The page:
Craters of the Moon National Monument and Preserve

Take a walk back in time with me. Back to April of 2012. We were in Idaho Falls for a fly-tying convention. The boys and I were itching for a field trip, so we drove about 1.5 hours west to Craters of the Moon.

It had been at least 10 years since I last visited Craters of the Moon, but a big field of lava doesn’t change that much; it was just as I remembered.

Lots and lots of lava.

As you may recall, my purse was stolen in evil Provo, Utah. What you may not have known is that my park pass was in there along with everything else of importance. Luckily, it was National Park Day or something and we got it free. Take that, Provo!

Before we journeyed to the moon, I downloaded an online Geo-Ranger Manual full of activities that help kids (and adults) learn about the park. When we arrived, the boys could distinguish the different types of lava, discuss pika biology, and repeat the Shoshone creation story. We were ready to explore.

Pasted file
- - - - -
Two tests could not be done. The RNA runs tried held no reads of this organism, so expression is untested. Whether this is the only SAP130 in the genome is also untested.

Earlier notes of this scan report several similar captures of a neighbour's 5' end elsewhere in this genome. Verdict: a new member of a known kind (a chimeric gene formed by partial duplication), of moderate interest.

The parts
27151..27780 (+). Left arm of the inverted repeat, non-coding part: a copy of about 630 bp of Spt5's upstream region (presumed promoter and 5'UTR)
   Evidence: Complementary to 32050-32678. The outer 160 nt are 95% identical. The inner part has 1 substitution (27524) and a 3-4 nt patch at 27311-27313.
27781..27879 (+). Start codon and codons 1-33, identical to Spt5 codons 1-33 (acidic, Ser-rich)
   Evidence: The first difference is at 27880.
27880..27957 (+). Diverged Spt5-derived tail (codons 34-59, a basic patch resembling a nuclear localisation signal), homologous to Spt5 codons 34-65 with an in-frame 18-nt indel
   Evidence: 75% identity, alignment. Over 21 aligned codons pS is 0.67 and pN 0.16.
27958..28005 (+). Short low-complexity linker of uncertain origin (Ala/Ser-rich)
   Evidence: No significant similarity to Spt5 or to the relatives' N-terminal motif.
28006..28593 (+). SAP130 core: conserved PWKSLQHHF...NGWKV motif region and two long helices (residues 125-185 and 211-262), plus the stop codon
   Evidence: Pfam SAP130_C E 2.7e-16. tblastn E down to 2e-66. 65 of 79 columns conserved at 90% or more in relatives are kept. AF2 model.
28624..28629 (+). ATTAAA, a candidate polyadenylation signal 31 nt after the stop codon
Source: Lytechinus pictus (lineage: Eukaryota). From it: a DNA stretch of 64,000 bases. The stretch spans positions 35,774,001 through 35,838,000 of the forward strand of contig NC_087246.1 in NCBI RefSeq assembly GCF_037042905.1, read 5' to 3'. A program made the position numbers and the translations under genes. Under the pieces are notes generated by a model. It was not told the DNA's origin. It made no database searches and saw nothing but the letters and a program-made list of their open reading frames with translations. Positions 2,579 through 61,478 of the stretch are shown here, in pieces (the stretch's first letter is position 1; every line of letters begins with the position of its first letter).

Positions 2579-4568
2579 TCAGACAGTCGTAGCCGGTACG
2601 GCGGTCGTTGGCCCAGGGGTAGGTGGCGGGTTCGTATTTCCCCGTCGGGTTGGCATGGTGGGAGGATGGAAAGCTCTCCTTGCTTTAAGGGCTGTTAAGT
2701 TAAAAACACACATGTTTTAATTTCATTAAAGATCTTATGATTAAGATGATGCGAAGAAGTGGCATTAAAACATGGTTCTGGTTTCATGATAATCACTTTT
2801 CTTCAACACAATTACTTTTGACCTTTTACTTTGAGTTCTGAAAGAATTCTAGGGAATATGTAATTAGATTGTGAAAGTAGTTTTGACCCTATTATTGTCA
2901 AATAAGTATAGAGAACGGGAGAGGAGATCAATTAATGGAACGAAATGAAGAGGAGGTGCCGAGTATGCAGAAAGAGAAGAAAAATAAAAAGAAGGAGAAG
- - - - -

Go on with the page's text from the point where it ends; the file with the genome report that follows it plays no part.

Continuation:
After looking around the visitor center we drove to a couple splatter cones, walked to the top and looked inside.

Walking up a splatter cone.

Strike a (hiking) pose.

Checking out the lava.

Then it was time for the “real” hike. The Broken Top Loop is a 1.8-mile trail around an old volcano, called Broken Top.

As usual, Finn started in on the complaining within 30 seconds of leaving the trailhead. “It’s too far, it’s too hard. I can’t do this.” In my head, I’m thinking, “Cowboy up and get going,” but this time I stopped. That’s right, 20 feet into a hike, I stopped and gave the boys a rest break and snacks. And it kind of worked. It was another mile before the complaining resumed. Then we had lunch. It was Finn’s greatest triumph–a 1.8 mile hike!

Caught in a hole.

Crouching tiger, hidden Finny.

lichen

Anders on a lava bomb.

Inside a lava tube.

After the hike, we stopped a couple times to look at rocks and eat more food. Then it was back to Idaho Falls.

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